If someone handed this issue of America to Pope Francis and he was able to spare some precious minutes to read it, he would get a good idea of some of the major issues facing the U.S. church. That was the idea, at least, when we dreamed up this papal preview issue a few months ago. I have to say, after looking through it again, that I think we’ve largely succeeded in painting a portrait of the church Pope Francis will encounter during his pastoral visit to the United States this coming September. It is incomplete, of course; many important issues, events and people didn’t make it into these pages. As always, there’s plenty of additional coverage at our website, including digital-only content, radio and video.
First in the lineup is an excellent article by Mark Gray and his colleagues at the Center for Applied Research in the Apostolate at Georgetown University. Dr. Gray and his team crunch the demographic numbers of the “average American Catholic.” Like us, you’ll probably find a few surprises in the data. We also welcome Professor Jeffrey Sachs back to these pages with his analysis of the curious intersections of the social gospel and the American economy.
Continuing an editorial theme we set with our special issue on women in the life of the church last year, Elizabeth Tenety looks at the rapidly evolving roles of women in management and other positions of leadership in the U.S. church today. Bishop Gerald Kicanas, meanwhile, looks at another of our consistent editorial themes, immigration, and asks us to move beyond statistics to see the person. Rachel Espinoza and Tawny Hoover bear witness to the graces and challenges encountered by couples who are practicing natural family planning in accord with the church’s teaching and their own consciences. Lastly, as we have done historically for papal visits, we have asked a smattering of American Catholics what they would say or do if they had five minutes with the pope during his visit.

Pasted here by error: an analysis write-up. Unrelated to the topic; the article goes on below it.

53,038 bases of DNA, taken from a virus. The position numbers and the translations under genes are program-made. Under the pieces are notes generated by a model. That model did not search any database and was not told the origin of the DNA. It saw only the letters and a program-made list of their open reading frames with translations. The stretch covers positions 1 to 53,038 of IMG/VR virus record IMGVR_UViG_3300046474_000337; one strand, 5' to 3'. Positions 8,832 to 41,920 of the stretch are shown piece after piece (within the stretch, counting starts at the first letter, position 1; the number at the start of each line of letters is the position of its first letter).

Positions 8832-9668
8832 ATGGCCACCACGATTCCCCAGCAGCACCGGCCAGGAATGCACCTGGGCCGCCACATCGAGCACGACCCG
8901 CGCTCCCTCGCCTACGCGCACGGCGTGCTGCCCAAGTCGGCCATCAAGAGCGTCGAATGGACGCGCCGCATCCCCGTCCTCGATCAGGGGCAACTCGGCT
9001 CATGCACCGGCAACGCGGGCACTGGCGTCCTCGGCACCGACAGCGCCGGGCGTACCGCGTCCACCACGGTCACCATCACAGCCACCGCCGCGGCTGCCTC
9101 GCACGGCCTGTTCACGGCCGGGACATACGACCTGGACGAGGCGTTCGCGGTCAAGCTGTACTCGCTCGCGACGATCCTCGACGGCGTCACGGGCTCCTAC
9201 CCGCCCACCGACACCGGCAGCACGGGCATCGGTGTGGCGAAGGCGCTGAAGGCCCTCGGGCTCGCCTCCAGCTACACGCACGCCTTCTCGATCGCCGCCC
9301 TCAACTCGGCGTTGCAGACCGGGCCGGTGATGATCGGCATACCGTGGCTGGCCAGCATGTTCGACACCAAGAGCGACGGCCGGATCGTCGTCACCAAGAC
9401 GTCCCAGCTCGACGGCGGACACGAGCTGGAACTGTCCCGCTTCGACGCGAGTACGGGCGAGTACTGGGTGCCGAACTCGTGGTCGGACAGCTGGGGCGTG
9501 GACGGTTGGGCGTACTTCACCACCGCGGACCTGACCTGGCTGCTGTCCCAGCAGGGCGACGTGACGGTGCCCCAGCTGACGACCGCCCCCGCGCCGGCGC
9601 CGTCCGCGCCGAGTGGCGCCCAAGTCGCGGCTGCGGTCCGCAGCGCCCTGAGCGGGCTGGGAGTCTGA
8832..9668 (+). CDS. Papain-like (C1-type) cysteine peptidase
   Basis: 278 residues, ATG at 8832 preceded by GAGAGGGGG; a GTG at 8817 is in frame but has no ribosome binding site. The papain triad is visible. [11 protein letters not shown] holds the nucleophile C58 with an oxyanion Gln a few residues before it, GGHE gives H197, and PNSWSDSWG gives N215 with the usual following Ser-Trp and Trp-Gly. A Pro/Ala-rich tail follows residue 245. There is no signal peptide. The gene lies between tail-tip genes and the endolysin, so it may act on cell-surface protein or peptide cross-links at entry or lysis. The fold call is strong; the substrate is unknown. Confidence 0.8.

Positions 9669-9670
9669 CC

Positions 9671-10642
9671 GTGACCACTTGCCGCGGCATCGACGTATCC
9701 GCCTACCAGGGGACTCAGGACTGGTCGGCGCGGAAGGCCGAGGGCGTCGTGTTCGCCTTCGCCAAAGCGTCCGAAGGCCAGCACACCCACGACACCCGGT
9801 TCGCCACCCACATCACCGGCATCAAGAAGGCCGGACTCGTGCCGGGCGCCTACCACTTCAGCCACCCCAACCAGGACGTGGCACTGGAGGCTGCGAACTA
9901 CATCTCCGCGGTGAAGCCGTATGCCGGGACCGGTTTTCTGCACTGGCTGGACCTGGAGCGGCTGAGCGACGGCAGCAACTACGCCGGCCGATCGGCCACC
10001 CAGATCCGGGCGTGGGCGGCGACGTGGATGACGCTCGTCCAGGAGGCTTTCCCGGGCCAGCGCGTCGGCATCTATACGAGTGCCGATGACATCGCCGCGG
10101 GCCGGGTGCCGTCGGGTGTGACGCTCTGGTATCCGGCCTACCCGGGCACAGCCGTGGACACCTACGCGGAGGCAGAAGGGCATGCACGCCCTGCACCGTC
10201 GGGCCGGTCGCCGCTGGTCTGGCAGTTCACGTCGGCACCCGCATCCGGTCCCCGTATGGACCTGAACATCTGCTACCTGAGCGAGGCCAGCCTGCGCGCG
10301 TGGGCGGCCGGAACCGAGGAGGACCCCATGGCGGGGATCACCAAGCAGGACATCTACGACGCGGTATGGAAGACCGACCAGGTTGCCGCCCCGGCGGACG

This is a big issue, but its size is appropriate. This is a big country with a big church, and the pope’s visit in the autumn will be unlike any other papal visit or media event in U.S. history. Already the buzz is big and the expectations are high. America’s art director has even designed a logo for this event, which appears on this page and will accompany future coverage of the papal trip.
As exciting as it is to present this issue to you, we do so with heavy hearts. Mary Ann Walsh, R.S.M., America’s U.S. church correspondent, a true friend and valued colleague, died on April 28 after a battle with cancer. She had an extraordinary career as a Catholic journalist, including nearly 20 years in media relations for the U.S. Conference of Catholic Bishops. She very much enjoyed her new role here at America, where she was free to express her own opinion and speak in her own voice again. We enjoyed hearing from her. So did our readers; her columns and other writings were popular both in print and on our website.
As this is the last issue of America in which Sister Mary Ann’s name will appear in the masthead to your right, we dedicate this issue to her memory. She was very much looking forward to covering the papal trip. Regrettably, she won’t be reporting on it for us. But she now undoubtedly will have one of the best seats in the house. R.I.P.